If multiple functions exist on the device 608, the code, see FIG. 6B, examines all potential function numbers to see where the other functions reside. The first function, always function number 0, is then mapped to its logical CardBus address (610), as viewed from the PC Card accessory 104. On returning, the code checks to see if the eight potential logical CardBus functions have been initialized (612). If done, initialization cannot proceed and the code returns to its caller (622). If in step 612, not all logical functions have been assigned, the current function assigned counter is incremented (614). The test function routine is invoked to locate the additional functions and map them (616) to logical CardBus functions at the CardBus PC Card accessory 104. When the code returns a check is made to see if all the logical functions have been assigned (618). If all functions are assigned the code returns to the caller (624).

If all assignments have not been made (618) the code then checks to see if all functions on the device have been checked (620). If all functions have been interrogated, the code returns to its caller (624), otherwise the process of interrogating each function continues once again (614).

The Bridge-- Found routine 700 (FIG. 7A) is used to find all bridges in the path to a PCI device. It is also used to configure the bridges intervening in the path to the device. First, the level and bridge counters are incremented (702). The host bridge, the first bridge on the docking station 303, subordinate bus number field is written with the number of the newly found bridge in its path to the device 704. Write the current bridge configuration Secondary bus number fields with the value in the Bridge Counter 706. Set up a temporary counter with the current bridge level in order to configure the intervening bridges between the host bridge and this bridge (708)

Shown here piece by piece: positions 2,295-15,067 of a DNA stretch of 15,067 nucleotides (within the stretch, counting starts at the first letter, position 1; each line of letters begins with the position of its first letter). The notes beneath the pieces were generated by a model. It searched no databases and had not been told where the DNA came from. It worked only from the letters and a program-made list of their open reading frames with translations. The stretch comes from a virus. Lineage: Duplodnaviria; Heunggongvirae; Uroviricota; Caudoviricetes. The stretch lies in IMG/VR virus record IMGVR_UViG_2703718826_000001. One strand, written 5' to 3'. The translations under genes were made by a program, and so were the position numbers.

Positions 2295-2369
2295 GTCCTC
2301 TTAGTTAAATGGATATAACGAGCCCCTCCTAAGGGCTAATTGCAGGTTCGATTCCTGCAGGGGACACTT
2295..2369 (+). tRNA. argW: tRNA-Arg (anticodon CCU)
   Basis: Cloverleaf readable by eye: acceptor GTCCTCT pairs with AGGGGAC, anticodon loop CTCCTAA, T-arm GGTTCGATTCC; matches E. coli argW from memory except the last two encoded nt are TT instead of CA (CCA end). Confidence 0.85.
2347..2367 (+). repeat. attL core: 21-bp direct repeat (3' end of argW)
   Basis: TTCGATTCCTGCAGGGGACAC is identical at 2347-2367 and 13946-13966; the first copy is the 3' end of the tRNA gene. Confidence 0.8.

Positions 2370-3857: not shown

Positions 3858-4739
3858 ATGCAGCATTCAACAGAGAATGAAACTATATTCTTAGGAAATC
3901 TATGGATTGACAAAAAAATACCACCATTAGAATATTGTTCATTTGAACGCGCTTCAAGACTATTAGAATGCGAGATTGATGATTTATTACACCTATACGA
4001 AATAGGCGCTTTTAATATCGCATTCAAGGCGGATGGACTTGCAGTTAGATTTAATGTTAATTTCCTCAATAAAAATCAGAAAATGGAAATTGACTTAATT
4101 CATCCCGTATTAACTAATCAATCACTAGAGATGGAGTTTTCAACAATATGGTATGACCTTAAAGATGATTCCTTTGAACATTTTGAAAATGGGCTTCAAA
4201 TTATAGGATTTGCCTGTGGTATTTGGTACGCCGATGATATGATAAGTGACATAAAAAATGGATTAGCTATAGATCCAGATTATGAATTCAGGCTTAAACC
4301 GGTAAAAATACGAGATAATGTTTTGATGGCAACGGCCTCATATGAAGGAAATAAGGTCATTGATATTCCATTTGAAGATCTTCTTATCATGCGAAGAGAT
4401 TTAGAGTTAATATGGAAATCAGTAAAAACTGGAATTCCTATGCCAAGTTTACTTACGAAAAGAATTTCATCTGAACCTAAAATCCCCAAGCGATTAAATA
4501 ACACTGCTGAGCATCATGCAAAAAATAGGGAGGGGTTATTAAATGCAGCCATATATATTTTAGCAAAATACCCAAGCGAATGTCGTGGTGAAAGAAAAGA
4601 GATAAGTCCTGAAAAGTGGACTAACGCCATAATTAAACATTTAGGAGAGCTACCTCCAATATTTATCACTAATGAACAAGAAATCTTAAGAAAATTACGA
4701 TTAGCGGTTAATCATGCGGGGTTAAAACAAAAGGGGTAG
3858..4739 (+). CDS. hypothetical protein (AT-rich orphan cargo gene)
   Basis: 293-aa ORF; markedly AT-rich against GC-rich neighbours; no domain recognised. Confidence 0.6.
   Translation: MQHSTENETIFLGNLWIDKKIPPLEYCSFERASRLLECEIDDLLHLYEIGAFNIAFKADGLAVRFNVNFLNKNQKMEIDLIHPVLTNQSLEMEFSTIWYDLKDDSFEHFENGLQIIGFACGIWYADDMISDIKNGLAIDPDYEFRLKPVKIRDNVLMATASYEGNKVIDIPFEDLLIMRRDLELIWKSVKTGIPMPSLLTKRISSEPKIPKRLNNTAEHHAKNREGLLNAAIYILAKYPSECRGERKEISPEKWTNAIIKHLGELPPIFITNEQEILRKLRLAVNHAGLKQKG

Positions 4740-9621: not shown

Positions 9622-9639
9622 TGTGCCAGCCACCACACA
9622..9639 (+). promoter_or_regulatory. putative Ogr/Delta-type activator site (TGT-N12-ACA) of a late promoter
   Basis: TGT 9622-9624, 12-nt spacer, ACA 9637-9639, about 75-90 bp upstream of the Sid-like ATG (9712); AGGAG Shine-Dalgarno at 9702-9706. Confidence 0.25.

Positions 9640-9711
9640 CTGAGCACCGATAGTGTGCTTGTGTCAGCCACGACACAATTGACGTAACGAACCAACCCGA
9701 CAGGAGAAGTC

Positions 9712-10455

Next, write the subordinate bus number field in the current bridge 710. Point to the level above the current level 712. Check to see if all the intervening bridges have been configured (714). If not, restart the procedure at step 710. If all intervening bridges are configured (see FIG. 7B), write the entry in the bridge-- fnd table using the values in the counter Cur-- dev as an index for later use (716). Reset the current device, Cur-- Dev and current function, Cur-- Func counters to zero (718). Search the device space below the current bridge for the presence of additional devices (720).

Check to see if the 110 operation has timed out (722). If a device operation has not timed out, invoke the CheckDevice routine 730 to see if the subordinate device is a bridge or a device.

Upon return, check to see if all eight logical CardBus functions have been assigned (732). If all functions are allocated, return to the caller 734. If in step 732, not all CardBus logical functions have been allocated, check to see if all potential devices have been checked 726. If they have decrement the level counter (736) and return to the caller 734. If all potential devices have not been checked, increment the current device counter, cur-- dev, 728 and repeat the procedure starting at step 720.

Returning to step 722, if the Read operation 720 expired, the addressed device does not exist 724, proceed to check that all devices have been interrogated as described above 726.